The success on Molly Meldrum's Countdown was nothing compared to what the group would soon experience.  AC/DC signed an international recording contract with Atlantic Records in 1976 and toured throughout Europe.  They received considerable exposure, opening for Styx, Aerosmith, Kiss, Cheap Trick, Blue Oyster Cult and Black Sabbath.

The group's third album, Dirty Deeds Done Dirt Cheap was the first to be released internationally, although it did not catch on until later.  In 1977, Mark Evans was fired after the recording of Let There Be Rock because of personal differences with Angus.  Cliff Williams replaced Evans in the lineup and the group released Powerage in 1978. 

For their next album, famed producer Robert "Mutt" Lange was brought in.  Highway to Hell in 1979 was AC/DC's breakthrough; it was their first album to reach the Top 100, and in fact peaked at #17.  The album thrust AC/DC into the upper tier of heavy metal acts.  It featured loud, simple riffs and powerful backbeats.  The album featured the non-apologetic title track and "Touch Too Much", "Get It Hot", "Girls Got Rhythm" and "Walk All Over You".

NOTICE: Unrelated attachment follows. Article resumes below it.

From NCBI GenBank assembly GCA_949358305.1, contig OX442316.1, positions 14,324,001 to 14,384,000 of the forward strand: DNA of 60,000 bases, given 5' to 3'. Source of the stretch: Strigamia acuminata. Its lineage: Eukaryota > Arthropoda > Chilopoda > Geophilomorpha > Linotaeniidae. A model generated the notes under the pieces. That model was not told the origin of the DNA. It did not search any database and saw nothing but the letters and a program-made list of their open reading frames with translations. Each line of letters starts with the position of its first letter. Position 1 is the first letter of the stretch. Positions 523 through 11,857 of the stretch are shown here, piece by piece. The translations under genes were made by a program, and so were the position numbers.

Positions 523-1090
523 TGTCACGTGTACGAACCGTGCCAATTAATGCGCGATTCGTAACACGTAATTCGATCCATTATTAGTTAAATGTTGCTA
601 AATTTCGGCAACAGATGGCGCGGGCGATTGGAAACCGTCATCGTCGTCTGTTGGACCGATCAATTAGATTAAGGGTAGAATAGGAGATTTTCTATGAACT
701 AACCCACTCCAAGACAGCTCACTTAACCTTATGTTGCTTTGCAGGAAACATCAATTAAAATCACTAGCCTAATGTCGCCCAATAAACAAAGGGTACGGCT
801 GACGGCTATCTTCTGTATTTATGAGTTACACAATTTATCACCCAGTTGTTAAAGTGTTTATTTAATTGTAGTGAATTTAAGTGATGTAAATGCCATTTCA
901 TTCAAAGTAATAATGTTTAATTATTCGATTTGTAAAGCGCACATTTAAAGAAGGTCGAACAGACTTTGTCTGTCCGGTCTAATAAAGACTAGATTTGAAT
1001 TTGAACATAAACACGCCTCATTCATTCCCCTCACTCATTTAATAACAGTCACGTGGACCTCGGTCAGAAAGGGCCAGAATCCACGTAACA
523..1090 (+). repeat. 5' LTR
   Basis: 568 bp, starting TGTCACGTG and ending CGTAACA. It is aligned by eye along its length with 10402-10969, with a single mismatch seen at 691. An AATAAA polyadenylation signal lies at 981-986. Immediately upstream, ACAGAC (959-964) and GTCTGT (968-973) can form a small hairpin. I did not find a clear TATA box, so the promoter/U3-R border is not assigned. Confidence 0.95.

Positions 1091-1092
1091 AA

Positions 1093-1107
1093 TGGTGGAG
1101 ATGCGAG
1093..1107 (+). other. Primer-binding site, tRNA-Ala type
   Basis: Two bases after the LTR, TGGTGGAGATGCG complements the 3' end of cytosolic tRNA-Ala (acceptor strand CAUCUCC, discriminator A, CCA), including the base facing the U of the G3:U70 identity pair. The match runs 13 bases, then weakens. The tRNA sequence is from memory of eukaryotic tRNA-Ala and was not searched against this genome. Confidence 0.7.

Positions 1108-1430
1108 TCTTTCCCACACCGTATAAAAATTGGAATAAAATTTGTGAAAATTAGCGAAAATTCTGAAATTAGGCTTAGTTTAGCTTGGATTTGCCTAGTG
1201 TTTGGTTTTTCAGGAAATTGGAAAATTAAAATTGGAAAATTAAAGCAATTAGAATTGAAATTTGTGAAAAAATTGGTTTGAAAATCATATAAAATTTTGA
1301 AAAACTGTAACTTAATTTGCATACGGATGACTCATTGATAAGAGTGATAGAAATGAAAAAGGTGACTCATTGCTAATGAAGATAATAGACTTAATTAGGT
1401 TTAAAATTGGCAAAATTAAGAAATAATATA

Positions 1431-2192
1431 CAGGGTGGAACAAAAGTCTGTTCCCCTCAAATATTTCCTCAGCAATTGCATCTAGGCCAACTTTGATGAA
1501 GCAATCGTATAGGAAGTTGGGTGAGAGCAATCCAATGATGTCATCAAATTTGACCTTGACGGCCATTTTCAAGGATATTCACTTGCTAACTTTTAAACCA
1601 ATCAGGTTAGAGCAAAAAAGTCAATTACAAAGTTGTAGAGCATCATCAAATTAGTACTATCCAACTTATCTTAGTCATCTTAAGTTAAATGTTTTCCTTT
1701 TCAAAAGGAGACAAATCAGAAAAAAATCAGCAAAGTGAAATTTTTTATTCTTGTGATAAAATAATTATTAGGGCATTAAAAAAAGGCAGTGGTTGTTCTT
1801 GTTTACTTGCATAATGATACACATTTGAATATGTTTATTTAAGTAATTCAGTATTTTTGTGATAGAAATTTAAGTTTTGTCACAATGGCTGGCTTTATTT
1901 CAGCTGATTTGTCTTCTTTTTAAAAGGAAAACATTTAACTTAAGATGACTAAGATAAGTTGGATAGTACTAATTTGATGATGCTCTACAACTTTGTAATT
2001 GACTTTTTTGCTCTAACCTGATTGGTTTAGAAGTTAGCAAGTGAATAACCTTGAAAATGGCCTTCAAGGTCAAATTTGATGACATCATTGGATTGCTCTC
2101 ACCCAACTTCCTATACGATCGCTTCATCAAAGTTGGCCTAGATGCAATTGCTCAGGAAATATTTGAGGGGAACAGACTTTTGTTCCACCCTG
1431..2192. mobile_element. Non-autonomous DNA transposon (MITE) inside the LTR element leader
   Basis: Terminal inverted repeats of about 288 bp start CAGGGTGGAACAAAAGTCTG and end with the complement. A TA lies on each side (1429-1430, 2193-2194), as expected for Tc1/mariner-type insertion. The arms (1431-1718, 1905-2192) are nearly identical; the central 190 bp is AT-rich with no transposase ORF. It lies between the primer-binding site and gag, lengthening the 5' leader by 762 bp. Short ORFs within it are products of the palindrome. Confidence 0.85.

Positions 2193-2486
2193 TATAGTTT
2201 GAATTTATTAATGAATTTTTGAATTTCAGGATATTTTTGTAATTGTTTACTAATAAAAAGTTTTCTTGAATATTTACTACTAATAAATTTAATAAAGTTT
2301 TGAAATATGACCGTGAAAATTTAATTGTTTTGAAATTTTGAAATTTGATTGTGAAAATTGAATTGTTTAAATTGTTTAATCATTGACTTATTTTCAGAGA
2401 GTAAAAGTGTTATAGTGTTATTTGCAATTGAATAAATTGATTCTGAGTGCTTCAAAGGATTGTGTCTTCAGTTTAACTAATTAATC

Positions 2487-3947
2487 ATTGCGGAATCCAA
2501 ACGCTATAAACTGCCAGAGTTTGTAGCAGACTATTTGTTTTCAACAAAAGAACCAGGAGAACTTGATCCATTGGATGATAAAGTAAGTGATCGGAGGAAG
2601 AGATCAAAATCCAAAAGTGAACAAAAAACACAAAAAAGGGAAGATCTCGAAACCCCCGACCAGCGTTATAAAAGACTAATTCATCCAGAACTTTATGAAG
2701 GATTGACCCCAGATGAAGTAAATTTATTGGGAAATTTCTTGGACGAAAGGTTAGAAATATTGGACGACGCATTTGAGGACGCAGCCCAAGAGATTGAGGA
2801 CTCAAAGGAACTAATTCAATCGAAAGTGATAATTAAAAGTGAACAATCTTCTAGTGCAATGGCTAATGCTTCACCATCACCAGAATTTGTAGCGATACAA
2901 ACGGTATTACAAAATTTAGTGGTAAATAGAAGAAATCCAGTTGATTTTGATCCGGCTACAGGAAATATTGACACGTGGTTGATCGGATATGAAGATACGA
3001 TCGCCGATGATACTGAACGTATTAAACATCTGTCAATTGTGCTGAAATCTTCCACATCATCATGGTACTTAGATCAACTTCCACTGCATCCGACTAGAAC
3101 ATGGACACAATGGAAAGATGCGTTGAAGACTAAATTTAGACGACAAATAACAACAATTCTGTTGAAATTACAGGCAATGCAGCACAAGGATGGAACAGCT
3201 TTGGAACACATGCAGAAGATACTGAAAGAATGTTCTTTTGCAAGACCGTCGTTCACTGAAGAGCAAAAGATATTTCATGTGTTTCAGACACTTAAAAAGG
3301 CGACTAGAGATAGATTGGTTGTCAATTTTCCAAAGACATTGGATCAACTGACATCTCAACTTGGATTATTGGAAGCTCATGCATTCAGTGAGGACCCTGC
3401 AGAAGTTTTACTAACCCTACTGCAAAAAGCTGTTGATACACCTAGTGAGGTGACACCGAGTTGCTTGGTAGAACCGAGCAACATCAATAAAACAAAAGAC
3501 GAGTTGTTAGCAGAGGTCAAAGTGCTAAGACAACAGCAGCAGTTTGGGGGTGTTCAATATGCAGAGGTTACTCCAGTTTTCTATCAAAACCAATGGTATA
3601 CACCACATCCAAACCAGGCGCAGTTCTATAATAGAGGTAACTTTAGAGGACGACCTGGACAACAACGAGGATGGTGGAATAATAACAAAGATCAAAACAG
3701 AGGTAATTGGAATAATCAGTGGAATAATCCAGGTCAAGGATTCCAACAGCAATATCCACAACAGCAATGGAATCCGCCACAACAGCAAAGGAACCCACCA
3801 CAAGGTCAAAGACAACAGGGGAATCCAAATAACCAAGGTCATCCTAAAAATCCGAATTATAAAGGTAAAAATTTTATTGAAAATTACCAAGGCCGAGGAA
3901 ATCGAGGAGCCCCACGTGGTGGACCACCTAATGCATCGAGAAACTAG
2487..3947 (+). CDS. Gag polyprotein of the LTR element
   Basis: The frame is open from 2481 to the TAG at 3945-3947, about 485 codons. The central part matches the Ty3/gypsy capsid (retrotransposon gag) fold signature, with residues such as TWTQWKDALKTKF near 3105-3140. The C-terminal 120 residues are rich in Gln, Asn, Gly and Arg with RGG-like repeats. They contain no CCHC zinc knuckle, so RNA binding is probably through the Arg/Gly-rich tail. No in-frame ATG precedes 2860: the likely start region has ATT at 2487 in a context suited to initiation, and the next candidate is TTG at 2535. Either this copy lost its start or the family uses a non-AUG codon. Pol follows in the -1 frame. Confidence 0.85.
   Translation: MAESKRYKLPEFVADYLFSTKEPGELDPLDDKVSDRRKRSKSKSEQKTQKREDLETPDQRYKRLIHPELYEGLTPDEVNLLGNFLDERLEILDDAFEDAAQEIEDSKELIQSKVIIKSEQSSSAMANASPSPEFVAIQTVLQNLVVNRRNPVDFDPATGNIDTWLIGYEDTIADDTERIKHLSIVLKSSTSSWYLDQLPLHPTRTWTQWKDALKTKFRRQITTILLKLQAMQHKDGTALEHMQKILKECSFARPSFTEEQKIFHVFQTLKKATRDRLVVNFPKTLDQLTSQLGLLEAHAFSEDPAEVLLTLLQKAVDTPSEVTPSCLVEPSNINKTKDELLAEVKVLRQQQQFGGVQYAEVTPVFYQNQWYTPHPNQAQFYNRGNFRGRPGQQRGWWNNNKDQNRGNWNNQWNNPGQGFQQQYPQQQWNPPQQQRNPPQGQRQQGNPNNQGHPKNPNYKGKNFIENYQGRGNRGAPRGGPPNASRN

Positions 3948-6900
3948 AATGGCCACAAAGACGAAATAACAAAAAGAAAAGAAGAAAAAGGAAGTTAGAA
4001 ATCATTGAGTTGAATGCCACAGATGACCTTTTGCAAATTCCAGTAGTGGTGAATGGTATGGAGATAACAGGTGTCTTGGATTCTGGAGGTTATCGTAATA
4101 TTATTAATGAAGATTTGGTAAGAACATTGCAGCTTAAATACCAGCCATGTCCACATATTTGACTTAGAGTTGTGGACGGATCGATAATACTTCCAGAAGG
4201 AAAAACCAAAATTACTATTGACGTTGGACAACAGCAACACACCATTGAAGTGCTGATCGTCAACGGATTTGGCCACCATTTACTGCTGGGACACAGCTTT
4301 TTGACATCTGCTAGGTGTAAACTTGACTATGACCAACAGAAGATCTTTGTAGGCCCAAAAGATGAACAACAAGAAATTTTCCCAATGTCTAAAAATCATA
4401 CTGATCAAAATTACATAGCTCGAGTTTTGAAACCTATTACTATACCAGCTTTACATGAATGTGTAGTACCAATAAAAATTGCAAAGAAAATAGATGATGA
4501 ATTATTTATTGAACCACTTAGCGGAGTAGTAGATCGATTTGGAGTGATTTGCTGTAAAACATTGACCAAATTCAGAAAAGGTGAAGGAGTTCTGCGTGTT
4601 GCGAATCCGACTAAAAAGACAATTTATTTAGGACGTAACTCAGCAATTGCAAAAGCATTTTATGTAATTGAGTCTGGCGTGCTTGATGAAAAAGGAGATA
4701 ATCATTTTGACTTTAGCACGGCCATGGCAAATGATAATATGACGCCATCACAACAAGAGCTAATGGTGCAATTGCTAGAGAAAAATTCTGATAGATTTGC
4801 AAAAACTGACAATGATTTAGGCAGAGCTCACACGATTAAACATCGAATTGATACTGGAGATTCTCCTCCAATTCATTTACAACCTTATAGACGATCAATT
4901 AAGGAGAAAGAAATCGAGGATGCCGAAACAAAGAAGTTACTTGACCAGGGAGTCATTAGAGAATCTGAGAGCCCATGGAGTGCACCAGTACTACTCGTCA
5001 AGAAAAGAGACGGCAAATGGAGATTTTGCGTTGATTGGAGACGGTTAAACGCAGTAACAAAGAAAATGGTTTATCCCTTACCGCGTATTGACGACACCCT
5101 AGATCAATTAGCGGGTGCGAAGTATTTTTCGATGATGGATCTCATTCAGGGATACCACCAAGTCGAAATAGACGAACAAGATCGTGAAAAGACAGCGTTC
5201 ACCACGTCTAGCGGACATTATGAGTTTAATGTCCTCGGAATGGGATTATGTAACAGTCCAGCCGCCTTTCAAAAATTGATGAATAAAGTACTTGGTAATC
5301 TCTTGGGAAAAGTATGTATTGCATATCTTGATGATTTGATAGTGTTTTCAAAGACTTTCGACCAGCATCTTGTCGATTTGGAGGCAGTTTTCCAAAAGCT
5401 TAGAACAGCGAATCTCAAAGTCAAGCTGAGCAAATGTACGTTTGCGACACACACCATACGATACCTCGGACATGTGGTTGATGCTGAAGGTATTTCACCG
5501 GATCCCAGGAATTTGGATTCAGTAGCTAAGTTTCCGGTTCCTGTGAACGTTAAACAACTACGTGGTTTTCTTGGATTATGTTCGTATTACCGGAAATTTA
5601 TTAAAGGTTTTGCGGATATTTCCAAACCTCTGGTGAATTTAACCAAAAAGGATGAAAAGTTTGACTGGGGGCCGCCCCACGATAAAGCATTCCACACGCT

Now that they were known, AC/DC set out to record a follow-up, but on February 19, 1980, Bon Scott passed out after a night of heavy drinking in London.  He died the next morning of acute alcohol poisoning and the lead singer who had finally given the group the sound they wanted was gone.

Replacing a guy like Scott, who fit in perfectly with the AC/DC sound, was not an enviable task.  But the group hit a home run with their hire of Brian Johnson.  In fact, AC/DC did not miss a beat.  Johnson, it turns out, was a guy that Bon Scott had thought was a great rock and roll singer and the group sought him out after Scott's death.

The group resumed songwriting for their new album, then began recording at Compass Point Studios in the Bahamas.  Once again, Lange produced the album and Back in Black was released in 1980.  The LP became not only AC/DC's biggest album of their career but one of The Top 10 Albums of the Rock Era*, according to Inside the Rock Era.  To achieve an album of that quality in light of Scott's death is all the more amazing.